12. I believe the aim of these memes is to let outsiders know that we accept people at all stages of their spiritual journey. I was brought up Congregational/UCC, went through a period of paganism/naturalism and have come back to the church because of the community and the music. I still struggle with my personal belief system and wonder sometimes if I believe anything at all. Fortunately, my church accepts that and welcomes me as a whole, loving member, still a work in progress. Isn’t that what the goal is? Are we to only reach out to people who believe as we do?

  13. Beautifully said. Along with a piece today by Jeff Nelson, you are tapping into some of my own concerns, and some of my fondest hopes, for our denomination. I remember watching the video of the new Presiding Bishop of the Episcopal Church USA and feeling so inspired, then watch our new General Minister’s plan for the UCC and feeling so let down. I love the UCC as well, but I am concerned (and have been in my 20 years here) that we fail to go deep way too often.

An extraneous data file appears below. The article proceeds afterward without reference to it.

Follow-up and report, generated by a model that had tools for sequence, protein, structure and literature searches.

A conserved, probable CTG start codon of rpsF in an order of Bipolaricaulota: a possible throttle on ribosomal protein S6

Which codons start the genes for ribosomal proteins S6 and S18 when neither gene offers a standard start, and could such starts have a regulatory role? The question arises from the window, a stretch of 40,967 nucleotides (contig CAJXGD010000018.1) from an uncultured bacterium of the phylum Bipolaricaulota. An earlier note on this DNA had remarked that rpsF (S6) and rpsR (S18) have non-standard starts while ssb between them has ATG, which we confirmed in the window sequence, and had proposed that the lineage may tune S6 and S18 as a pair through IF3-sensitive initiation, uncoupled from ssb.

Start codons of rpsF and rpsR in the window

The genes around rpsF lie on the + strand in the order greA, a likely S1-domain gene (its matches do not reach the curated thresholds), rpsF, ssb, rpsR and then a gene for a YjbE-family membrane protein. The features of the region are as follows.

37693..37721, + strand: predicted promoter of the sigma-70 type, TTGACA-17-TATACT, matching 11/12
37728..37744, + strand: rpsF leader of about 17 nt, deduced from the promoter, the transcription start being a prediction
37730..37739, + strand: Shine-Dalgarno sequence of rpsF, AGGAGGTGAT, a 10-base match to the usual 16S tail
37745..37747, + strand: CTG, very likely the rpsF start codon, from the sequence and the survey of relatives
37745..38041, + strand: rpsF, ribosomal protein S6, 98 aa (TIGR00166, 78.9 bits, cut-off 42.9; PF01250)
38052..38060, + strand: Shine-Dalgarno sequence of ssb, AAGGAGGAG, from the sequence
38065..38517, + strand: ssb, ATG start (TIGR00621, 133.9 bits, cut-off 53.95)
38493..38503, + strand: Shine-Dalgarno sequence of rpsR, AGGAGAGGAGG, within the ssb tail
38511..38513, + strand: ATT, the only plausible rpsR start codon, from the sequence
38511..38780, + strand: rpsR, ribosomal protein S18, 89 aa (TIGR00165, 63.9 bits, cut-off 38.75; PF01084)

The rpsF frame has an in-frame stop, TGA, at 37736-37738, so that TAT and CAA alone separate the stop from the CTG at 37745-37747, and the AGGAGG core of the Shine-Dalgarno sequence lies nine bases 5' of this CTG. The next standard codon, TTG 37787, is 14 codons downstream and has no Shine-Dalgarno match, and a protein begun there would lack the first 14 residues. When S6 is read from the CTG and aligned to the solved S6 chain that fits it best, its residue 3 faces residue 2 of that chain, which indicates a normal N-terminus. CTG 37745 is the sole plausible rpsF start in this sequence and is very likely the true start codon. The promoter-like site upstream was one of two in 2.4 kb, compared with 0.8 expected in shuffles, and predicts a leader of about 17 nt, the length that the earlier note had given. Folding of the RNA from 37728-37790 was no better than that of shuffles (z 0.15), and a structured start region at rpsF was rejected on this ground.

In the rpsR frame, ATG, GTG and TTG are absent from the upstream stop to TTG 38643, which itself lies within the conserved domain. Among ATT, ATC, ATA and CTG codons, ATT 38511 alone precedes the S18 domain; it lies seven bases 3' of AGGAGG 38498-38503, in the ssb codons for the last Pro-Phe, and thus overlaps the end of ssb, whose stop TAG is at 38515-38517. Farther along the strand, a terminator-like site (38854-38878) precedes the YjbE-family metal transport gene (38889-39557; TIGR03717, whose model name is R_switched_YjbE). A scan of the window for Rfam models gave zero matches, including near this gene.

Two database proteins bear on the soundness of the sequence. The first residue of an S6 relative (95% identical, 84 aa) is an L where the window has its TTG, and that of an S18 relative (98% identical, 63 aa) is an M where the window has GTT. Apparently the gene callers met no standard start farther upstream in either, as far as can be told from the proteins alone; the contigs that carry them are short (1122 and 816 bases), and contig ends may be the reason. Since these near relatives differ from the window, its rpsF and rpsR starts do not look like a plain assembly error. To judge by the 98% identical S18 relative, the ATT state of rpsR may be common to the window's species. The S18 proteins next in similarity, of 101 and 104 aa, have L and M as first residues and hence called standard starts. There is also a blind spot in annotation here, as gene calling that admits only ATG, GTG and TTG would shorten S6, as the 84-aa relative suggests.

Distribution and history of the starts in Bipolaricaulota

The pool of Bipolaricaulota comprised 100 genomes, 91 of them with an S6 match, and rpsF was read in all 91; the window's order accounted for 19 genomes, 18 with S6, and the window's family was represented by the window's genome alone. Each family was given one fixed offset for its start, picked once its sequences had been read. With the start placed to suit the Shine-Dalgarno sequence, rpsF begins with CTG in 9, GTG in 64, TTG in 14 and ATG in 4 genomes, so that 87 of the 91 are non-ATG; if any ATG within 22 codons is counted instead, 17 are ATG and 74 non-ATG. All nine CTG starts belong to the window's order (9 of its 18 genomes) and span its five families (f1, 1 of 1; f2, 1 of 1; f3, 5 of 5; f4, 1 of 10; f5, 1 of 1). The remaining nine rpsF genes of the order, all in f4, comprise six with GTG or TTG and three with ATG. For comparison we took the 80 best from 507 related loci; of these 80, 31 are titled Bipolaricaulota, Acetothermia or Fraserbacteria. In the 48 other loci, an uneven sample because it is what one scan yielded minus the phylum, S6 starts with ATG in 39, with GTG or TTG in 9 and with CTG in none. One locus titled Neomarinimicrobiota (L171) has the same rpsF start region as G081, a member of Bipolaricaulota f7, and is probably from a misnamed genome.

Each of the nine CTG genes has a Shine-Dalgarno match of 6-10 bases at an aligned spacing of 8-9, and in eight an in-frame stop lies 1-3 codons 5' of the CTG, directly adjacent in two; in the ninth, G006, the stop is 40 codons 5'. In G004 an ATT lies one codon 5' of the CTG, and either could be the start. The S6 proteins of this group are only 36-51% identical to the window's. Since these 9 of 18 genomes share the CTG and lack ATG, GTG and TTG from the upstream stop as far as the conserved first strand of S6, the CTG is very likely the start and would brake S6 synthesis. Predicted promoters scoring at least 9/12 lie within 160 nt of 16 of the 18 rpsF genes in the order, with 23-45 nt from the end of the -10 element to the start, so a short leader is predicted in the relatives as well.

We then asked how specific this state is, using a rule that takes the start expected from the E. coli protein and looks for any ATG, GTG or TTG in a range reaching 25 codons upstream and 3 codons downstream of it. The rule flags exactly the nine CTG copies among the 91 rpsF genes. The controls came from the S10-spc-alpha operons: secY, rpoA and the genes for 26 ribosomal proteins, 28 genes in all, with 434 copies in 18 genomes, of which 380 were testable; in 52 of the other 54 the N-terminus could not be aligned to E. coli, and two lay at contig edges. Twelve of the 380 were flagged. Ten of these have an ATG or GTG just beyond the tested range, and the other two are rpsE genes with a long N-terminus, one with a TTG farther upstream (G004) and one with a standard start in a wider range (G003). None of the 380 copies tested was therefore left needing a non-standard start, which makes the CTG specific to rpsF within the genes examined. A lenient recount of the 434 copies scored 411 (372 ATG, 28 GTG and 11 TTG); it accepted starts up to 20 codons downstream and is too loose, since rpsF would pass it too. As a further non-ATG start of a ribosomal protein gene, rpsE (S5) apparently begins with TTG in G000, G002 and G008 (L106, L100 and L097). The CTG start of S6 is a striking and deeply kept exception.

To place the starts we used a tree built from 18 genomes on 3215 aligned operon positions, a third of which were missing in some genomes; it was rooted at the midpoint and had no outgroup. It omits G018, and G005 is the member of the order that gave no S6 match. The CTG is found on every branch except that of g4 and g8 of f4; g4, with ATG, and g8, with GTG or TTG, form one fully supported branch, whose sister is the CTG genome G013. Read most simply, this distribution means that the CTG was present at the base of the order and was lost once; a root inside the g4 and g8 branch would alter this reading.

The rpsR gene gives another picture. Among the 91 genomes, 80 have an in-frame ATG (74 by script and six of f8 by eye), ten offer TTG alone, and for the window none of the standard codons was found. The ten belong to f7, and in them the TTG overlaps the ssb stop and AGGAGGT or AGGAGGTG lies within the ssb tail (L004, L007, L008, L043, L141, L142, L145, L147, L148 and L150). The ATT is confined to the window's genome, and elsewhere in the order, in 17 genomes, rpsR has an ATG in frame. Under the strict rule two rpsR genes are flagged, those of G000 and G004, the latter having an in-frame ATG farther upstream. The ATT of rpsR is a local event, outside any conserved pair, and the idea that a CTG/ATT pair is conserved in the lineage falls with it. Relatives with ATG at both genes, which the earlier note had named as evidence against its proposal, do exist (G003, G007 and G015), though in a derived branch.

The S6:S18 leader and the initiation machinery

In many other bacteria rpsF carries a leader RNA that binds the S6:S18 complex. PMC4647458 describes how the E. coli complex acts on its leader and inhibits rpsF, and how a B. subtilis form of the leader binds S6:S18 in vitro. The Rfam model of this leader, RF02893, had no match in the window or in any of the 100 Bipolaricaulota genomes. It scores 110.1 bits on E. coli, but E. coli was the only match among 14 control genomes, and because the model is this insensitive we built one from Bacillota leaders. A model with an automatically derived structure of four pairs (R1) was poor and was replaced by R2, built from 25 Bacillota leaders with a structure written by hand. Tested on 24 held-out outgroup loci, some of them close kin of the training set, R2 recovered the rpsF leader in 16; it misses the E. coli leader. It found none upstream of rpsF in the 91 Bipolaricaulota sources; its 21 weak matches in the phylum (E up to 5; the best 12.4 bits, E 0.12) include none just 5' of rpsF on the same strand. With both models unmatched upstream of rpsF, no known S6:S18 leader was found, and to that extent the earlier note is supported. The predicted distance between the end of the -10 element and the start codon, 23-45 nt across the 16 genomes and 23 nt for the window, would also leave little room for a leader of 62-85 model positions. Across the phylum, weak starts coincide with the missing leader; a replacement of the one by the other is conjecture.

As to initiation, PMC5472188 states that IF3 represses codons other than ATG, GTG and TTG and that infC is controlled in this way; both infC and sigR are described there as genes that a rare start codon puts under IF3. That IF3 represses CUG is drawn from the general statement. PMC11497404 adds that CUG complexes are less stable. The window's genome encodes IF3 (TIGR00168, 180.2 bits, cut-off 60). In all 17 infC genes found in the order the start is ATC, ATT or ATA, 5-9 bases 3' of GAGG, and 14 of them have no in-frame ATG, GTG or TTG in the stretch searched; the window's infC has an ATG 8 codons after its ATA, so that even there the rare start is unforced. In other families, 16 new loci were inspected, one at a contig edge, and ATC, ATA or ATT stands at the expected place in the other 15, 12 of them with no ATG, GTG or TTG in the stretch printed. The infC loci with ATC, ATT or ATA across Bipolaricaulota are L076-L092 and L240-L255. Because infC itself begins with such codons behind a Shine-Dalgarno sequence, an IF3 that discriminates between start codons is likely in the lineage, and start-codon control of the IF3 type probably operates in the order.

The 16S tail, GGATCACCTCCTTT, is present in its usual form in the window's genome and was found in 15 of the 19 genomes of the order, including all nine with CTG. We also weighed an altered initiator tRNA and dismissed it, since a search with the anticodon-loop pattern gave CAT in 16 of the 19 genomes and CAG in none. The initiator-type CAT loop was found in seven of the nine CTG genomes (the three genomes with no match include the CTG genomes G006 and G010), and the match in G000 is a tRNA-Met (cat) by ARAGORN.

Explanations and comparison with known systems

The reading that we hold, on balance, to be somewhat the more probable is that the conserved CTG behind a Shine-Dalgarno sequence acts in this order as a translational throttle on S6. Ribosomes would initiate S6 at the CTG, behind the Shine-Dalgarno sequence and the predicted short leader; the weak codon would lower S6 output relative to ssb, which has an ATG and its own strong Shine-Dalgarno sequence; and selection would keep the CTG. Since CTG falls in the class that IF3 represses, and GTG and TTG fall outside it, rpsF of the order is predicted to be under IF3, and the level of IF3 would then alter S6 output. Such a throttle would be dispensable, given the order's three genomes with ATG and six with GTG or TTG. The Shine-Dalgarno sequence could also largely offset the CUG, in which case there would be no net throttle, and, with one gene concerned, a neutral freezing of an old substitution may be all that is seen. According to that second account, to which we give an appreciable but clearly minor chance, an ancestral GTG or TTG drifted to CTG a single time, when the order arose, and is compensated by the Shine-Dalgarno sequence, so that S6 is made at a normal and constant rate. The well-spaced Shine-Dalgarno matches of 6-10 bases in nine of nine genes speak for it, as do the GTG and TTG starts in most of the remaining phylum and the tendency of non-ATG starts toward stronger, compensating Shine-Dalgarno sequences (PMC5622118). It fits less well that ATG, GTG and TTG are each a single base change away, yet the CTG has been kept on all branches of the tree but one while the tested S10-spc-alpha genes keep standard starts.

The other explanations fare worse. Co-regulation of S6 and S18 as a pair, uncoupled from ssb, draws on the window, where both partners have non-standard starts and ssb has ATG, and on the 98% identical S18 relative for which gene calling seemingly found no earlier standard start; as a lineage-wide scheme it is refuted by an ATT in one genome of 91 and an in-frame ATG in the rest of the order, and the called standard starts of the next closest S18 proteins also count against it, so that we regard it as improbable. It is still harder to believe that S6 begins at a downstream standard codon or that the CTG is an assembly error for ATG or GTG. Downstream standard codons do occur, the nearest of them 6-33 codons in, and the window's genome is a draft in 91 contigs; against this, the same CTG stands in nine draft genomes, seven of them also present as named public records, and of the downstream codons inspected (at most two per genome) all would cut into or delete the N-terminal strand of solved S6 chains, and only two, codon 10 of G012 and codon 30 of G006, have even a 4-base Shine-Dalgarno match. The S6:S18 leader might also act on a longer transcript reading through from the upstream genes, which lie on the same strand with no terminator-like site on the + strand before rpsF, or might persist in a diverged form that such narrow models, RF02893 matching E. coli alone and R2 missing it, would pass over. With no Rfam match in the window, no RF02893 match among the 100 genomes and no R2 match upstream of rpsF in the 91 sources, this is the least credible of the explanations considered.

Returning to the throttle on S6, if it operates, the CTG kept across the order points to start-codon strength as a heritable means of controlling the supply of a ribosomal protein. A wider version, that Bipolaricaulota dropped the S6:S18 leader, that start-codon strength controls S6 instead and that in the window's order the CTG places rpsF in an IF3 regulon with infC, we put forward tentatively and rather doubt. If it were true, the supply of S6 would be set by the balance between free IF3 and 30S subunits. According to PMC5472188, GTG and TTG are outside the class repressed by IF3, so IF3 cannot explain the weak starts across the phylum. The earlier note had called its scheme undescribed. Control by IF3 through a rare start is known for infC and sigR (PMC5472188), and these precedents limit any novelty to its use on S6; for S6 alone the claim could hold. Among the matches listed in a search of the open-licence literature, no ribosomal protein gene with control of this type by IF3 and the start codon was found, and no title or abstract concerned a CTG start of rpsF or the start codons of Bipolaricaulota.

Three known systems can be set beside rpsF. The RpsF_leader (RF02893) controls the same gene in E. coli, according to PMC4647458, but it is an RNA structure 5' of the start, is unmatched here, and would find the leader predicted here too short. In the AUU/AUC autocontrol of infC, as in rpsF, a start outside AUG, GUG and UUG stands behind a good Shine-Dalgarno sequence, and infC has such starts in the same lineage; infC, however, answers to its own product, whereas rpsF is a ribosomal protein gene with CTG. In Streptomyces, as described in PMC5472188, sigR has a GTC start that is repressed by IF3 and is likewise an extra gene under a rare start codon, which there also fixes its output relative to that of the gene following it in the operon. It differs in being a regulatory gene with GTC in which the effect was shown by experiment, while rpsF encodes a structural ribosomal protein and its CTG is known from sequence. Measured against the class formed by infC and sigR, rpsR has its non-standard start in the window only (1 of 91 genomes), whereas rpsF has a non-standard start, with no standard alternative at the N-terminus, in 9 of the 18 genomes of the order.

14. This is a good piece. It’s also the first time I’ve seen this meme. That says something about our respective social media bubbles–I’m an Episcopalian and get all the Episcopalian stuff eventually, but seldom the UCC stuff.

    My reaction to the meme is: If you replace “Christ” with “I” anything, you’ve taken a wrong turn. The church is not about me, as nicely as I sing, or about you, as wonderful as you are, it is about the overwhelming love and action of God in Christ. Even to those who parse their metaphysics differently than I do, this is really important. I have seen, and experienced vividly how the “Christian niceness” of the church can rip people up. It is the Christians that have driven people away from the churches, not Christ, nor the ancient faith which we have received. And I’m not just talking about fundamentalists or conservatives–those who make it about themselves, their appeal, their success, their saving of their institutions only succeed in incorporating the church in its historic failure rather than preaching the Gospel of Christ–who, himself wasn’t such a great success, btw–got himself killed, alienated all the religious leaders, etc.

    Keep on with what you’re doing Emily. It is important.